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Discussion Starter #1
I've just been doing a bit of reading and found conflicting information (as always) on a few things regarding raw food.

When feeding raw, it seems there's the potential for toxoplasmosis to infect your cat, however I've read that if the meat is frozen for 24-48 hours beforehand, this kills off the bacteria. Is this true? And is normal household freezer temperature cold enough, or does it need to be a little colder?

Toxoplamosis in general seems from my view at least to be made into more of a big deal than it actually is. Infection is unlikely, and apart from if you're pregnant, it does little to you. Given that I grew up with indoor/outdoor cats I assume that I've most likely already been exposed to it. I'm interested because my pregnant friend was bitten by an outdoor cat that attacked her dog recently. Can it even be transmitted through biting? I thought it was really only through faeces.

In any case, it seems that given all the factors, an indoor cat that is fed previously frozen raw food, stands pretty much no chance of being infected. Does that seem right? Does it have a time limit? Say if my imaginary cat was infected today, would he be toxo free in 3 weeks? Or since they're a primary host, does it stay in their system, or would they need to be re-infected. Is it the same for humans, does it stay with us and we just have the immunity to suppress it, but symptoms can reappear later on, or do you have to become infected again?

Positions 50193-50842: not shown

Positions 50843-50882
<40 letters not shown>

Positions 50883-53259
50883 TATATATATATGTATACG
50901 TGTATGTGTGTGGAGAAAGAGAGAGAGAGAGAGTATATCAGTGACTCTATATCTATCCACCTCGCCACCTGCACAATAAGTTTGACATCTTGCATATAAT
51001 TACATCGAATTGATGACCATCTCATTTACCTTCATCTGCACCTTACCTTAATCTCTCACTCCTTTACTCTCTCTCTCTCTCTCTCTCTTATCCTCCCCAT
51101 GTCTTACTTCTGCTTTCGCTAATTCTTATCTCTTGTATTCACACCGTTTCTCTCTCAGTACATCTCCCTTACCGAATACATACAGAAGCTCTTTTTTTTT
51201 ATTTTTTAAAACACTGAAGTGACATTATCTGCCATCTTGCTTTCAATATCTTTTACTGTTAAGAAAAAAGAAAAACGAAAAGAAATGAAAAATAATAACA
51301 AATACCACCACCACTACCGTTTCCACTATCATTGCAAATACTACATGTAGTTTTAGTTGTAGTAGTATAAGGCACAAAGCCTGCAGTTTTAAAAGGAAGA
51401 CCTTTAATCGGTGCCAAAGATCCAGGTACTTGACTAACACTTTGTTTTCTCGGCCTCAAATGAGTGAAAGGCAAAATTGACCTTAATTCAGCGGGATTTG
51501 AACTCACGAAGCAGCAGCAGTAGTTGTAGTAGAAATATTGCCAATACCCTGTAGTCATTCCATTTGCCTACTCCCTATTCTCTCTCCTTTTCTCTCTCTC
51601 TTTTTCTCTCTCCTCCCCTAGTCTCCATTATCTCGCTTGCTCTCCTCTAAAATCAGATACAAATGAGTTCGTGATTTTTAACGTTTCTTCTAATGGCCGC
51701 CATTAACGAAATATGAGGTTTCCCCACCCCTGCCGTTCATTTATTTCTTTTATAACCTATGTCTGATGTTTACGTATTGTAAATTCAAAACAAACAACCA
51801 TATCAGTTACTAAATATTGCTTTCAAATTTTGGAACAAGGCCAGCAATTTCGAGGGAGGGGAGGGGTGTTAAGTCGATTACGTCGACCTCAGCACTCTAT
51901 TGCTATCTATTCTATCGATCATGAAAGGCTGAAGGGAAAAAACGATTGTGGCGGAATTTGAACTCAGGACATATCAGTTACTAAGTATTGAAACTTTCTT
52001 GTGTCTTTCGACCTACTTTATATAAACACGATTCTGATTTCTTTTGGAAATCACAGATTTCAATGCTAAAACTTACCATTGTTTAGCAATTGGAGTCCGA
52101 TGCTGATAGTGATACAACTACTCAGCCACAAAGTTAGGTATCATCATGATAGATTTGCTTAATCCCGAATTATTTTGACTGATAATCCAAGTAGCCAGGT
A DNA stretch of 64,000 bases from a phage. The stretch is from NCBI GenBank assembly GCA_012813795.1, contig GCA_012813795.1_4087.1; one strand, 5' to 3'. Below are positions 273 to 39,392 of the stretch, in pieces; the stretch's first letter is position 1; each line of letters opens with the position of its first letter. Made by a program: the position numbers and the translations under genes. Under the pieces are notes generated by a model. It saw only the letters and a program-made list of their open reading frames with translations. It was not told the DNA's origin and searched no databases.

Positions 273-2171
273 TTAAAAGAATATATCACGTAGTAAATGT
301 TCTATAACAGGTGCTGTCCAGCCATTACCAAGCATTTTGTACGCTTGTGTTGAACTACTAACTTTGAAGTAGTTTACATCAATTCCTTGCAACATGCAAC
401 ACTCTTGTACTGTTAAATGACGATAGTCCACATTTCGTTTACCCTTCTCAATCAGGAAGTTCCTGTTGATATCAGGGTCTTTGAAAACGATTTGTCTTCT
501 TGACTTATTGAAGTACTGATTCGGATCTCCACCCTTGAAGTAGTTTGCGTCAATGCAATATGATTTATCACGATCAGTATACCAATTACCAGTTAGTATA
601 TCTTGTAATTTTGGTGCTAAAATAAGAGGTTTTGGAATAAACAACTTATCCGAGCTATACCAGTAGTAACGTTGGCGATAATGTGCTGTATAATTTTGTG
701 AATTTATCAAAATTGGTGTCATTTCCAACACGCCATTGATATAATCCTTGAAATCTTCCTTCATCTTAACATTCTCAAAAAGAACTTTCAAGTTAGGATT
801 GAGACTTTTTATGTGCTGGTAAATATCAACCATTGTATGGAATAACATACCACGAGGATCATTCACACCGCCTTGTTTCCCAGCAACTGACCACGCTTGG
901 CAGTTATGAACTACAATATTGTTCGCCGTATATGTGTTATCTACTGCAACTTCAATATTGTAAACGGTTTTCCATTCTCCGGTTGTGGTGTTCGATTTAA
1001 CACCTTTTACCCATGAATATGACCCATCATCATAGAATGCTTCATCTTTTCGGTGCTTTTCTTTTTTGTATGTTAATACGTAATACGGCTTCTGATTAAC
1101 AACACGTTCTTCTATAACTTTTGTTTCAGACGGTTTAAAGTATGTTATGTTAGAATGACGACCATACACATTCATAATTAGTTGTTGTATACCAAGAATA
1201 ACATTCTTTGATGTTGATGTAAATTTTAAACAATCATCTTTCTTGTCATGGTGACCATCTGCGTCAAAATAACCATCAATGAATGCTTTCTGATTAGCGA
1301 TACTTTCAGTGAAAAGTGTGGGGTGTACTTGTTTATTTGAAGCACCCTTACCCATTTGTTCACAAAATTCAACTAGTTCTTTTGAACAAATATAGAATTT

I'm not really concerned about toxo at all, didn't even know it was a thing when I was younger, I just wanted to get a better understanding of it since I realised I knew next to nothing about it when my friend mentioned it the other day.
 

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I've only seen one study claiming that toxoplasmosis is not transmitted through bites and it was a poorly done study with a sample size of less than 100 that drew ridiculous conclusions- basically it would have been ripped apart by even my worst university prof.

Other sources say you toxoplasmosis can be transmitted by bite though it is not the most common way. This doesn't surprise me because Salmonella works the same way as it can also be transmitted through bites and scratches although it is more likely to be transmitted through contact with fecal matter (and of course meat).

I don't know about toxo staying in cats but it does stay in humans and can be latent for years until the immune system is weakened. This site explains it all very well. Be sure to read the "Treatment" section as that can be useful for your friend.
 

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Discussion Starter #4
Thank you for that, I read quite a few other sites, but didn't see that one. So transmissible through bites, just not as likely :) My friend did get herself tested and apparently that was all clear.
 

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Azerane,

I think it's very rare to get it through bites. That's more of a rabies thing.

Seems like toxo is more likely spread to humans via oral-fecal method (gross, I know) because the organism thrives in the host's GI tract before it spreads into the bloodstream. It's also cats that venture outside who are more likely to get toxo too, and if you have a healthy cat that happens to get toxo, I suspect he/she will be infected for life, but there will not be any symptoms until the cat is stressed and or is immunocompromised that symptoms begin to show, so cats with FIV or FeLV would be more likely to suffer from it than a healthy cat. Just my "guestimation" through reading, though. I'm no animal medical expert, lol. ;)
 
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